Contextual Inquiry in My Own Closet

Every few years, I try to improve my own product. Prompted by a sense of dissatisfaction with my clothing, I clean out and rebuild my wardrobe. I fill a trash bag with clothes to be donated, and feel accomplished as I look at my newly spacious closet. Each time I do this I’m convinced that I’ve solved the problem, only to be faced with that same problem again within a year or two.

This time, conscious of how often I had repeated this process, I decided to change my approach. I had been trying to improve a product without being able to define what the problems were. I didn’t have a clear understanding of how I was using my product or why I was using the product in the first place. My subjective evaluation of my closet was telling me that I had a problem, but that alone wasn’t enough information to make any meaningful improvements. I couldn’t articulate the source of my dissatisfaction—I just knew it was there.

Finding out how users feel about a product (also known as market research) is a common step in product development and improvement. It focuses on questions such as: What do the users say about the product? Does it work? Do they like it? Where do they think the problems are? What doesn’t feel right? This kind of subjective evaluation can sometimes give us insight into a product and whether it meets its users’ needs, but it doesn’t tell us how the product doesn’t meet those needs. Furthermore, it doesn’t tell us what the real needs are.

Separating fact from feeling

Illustration of woman looking into a mirror and thinking about another piece of clothing.

To be able to meaningfully improve my product, I needed to go beyond my subjective evaluation. I had to understand how I was using my product, and why I needed it in the first place. At first, I looked at my clothing and tried to determine from memory what I used the most. But as a contextual inquiry researcher, I knew that just trying to remember what clothing I had worn most often wouldn’t give me a complete or factual understanding.

As product users, we are unreliable witnesses to our own behavior. Our memory of tasks—how often they happen, how we do them, how long they take—is not only generally unreliable, it’s also distorted by our emotions. Our feelings about a task affect our recall of the task, but they don’t affect our recall in a consistent way. The result is a distorted understanding that can’t accurately reflect reality.

I thought I had a realistic impression of how I used my clothing, but I decided to test myself. For a few months, I kept a rough tally of how often I wore each piece of clothing in my closet. I immediately learned that my impressions had been wrong. I had assumed that I regularly wore most of my clothes; in fact, I was turning to the same few pieces most of the time.

Understanding the context of use

Illustration of woman doing yoga and thinking about workout clothing.

As I tracked how often I wore my clothes, I realized that clothing that I loved and that fit well was being ignored. As this experiment continued, I found that my dissatisfaction was not coming from the clothing itself, but rather, how my clothing fit in with the larger context of use—my lifestyle. Without tracking what clothes I wore, I would have continued to assume that the problem was with individual pieces of clothing that I was purchasing.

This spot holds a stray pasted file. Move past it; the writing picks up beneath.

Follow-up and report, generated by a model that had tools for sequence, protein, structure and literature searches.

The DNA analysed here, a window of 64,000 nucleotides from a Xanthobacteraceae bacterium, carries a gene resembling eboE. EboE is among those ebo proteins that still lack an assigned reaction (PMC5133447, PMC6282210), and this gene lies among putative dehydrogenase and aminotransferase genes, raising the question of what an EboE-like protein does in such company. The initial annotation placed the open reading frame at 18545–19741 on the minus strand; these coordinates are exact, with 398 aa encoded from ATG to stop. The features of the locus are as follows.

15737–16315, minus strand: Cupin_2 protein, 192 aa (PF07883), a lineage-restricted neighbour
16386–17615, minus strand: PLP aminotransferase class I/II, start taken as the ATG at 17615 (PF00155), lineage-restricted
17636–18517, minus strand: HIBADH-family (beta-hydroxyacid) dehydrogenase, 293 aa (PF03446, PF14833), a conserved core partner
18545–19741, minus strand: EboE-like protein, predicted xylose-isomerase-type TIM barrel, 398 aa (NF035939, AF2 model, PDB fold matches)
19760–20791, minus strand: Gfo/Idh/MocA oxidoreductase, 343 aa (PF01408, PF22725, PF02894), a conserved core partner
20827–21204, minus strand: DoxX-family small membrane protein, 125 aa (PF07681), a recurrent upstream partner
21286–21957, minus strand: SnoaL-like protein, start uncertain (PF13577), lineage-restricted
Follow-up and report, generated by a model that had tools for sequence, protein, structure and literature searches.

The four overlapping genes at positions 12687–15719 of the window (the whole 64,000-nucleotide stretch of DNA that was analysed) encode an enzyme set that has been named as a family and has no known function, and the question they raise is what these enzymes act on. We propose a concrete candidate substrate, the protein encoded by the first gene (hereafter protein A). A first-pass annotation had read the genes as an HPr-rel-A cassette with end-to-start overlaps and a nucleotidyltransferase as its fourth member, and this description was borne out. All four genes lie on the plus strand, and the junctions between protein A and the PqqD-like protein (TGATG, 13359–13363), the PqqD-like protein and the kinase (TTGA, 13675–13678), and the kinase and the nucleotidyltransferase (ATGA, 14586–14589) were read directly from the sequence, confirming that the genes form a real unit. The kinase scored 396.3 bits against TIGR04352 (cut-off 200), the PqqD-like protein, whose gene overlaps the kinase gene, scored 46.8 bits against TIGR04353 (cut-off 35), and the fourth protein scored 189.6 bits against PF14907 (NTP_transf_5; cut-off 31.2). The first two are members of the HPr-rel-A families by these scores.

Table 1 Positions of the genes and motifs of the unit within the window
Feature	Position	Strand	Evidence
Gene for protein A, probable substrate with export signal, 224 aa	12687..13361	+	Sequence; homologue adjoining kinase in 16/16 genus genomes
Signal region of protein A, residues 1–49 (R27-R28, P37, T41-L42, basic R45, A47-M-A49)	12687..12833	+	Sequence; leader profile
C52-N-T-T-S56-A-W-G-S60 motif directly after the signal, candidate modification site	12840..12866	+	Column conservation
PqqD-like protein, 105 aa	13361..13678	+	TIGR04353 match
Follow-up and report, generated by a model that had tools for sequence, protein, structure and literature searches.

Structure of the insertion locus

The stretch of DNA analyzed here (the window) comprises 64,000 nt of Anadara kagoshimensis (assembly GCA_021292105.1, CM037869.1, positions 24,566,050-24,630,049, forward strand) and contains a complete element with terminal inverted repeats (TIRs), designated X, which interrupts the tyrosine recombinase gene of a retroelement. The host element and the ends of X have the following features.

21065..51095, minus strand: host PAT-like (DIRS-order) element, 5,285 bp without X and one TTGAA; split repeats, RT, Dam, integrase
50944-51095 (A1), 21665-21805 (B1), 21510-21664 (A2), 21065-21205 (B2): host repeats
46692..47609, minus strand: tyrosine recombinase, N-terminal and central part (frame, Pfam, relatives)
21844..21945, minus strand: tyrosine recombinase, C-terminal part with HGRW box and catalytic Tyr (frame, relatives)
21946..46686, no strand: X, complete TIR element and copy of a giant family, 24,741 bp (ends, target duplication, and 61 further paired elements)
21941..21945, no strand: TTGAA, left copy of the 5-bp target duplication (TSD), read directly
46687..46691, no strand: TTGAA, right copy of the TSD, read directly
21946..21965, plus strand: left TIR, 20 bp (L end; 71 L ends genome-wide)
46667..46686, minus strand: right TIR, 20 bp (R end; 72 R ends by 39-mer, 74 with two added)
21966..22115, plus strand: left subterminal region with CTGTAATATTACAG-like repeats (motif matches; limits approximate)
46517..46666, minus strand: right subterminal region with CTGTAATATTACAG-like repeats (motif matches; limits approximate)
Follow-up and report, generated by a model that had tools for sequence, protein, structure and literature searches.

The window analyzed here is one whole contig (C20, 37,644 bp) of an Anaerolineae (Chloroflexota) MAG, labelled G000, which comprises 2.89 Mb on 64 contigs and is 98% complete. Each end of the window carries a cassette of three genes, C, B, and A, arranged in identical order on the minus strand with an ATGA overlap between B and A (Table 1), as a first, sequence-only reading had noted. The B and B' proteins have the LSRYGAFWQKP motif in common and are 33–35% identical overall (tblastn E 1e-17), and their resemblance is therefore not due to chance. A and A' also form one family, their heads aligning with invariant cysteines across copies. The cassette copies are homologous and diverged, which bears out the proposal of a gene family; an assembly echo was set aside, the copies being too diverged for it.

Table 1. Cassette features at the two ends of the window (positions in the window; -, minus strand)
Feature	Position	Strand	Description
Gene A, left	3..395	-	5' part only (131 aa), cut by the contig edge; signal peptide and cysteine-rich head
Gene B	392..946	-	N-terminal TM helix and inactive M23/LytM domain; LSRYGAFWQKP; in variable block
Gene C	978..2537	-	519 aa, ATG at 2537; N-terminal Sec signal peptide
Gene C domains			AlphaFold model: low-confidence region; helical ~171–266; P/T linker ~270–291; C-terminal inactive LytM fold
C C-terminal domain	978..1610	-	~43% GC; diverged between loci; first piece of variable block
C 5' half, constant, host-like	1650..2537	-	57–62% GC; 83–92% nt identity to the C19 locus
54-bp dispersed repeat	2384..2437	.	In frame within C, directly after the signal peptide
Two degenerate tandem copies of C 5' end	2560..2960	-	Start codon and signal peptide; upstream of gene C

Understanding the larger context of a product’s use is a cornerstone of contextual inquiry, because it shows us what the overall user needs are. Through direct observation, we can see how a product is actually used. Then we can use field interviews to follow up on specific events or use issues that happened during that observation. Interviews based on the context of use are more valuable than surveys, because events that occur during the research can serve as a starting point for broader discussions.

Identifying the design specifications

Illustration of woman struggling with shopping bags.

As I began to see specific trends in how I used my wardrobe, my subjective evaluation became more specific and grounded in facts. I could consider specific examples of times that I’d been unhappy with my clothing, and reflect on them both in the moment and in relation to other pieces in my closet. This reflection helped me to build an understanding of the larger context and how my product fit into it.

I began to see that my perception of my lifestyle—and consequently, what clothing I needed—had been skewed. While shopping, I was away from the context of use, and my perception of the activities that comprised my lifestyle was skewed, often in favor of purchasing whatever was in front of me in the store. This incorrect perception was leading me to buy dozens of pieces that I liked, but only a select few that I used on a regular basis.

When we discuss contextual inquiry, we see a frequent juxtaposition between what users say they do and what they actually do. This juxtaposition can yield some of the most exciting qualitative findings, because it points us to ways that a product can be designed not just for usability, but also for user preference. My informal contextual inquiry showed me what I needed and why I needed it, but it also revealed the less obvious motivations that had governed my choices in ‘designing’ my product. It’s been almost a year since I started this project. I’m still in the design process, but I make far fewer additions to my closet now, and I know that each addition belongs there, based on the facts.

This post was edited by Lindsey Stefan.

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